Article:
poisonous snake, 1520s, earlier aspis (mid-14c.), from Old French aspe (13c.) or directly from Latin aspidem (nominative aspis), from Greek aspis "shield;" the serpent so called probably in reference to its neck hood.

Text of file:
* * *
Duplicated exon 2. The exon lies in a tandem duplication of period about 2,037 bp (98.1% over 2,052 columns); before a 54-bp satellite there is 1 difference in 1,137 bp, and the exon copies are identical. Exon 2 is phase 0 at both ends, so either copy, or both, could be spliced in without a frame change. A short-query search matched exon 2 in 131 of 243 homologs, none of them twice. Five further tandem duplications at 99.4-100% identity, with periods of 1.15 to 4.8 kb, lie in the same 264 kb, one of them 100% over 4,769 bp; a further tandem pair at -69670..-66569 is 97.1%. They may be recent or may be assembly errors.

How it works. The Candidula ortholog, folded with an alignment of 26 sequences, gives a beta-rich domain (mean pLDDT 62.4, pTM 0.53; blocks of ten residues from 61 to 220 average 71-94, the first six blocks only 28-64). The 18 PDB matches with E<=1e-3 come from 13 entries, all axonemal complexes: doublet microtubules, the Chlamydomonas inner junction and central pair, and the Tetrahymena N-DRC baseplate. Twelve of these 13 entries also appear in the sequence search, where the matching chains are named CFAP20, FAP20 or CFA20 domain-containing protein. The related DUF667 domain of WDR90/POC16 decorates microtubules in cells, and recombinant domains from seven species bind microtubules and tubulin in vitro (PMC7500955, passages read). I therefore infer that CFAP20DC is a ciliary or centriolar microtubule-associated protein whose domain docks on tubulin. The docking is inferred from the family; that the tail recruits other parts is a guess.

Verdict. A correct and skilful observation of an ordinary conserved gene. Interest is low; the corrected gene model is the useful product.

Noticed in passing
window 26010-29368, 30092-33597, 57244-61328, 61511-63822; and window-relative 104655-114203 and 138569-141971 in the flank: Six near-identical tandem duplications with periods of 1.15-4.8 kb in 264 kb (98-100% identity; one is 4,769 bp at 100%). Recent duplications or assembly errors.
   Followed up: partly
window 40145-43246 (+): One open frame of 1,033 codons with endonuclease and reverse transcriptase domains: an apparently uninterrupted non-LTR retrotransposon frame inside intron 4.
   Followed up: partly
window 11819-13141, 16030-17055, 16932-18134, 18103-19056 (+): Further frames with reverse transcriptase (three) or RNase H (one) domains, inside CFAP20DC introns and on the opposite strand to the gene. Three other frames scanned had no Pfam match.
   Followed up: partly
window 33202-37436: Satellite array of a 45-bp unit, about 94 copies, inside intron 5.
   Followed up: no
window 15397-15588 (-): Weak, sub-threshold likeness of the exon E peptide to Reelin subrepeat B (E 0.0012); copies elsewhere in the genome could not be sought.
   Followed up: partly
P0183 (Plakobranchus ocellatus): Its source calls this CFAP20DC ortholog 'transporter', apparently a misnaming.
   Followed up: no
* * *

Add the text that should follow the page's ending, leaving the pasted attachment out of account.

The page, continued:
(Heb. pethen), Deut. 32:33; Job 20:14, 16; Isa. 11:8. It was probably the Egyptian cobra (Naja haje), which was very poisonous (Rom. 3:13; Gr. aspis). The Egyptians worshipped it as the _uraeus_, and it was found in the desert and in the fields. The peace and security of Messiah's reign is represented by the figure of a child playing on the hole of the asp. (See ADDER.)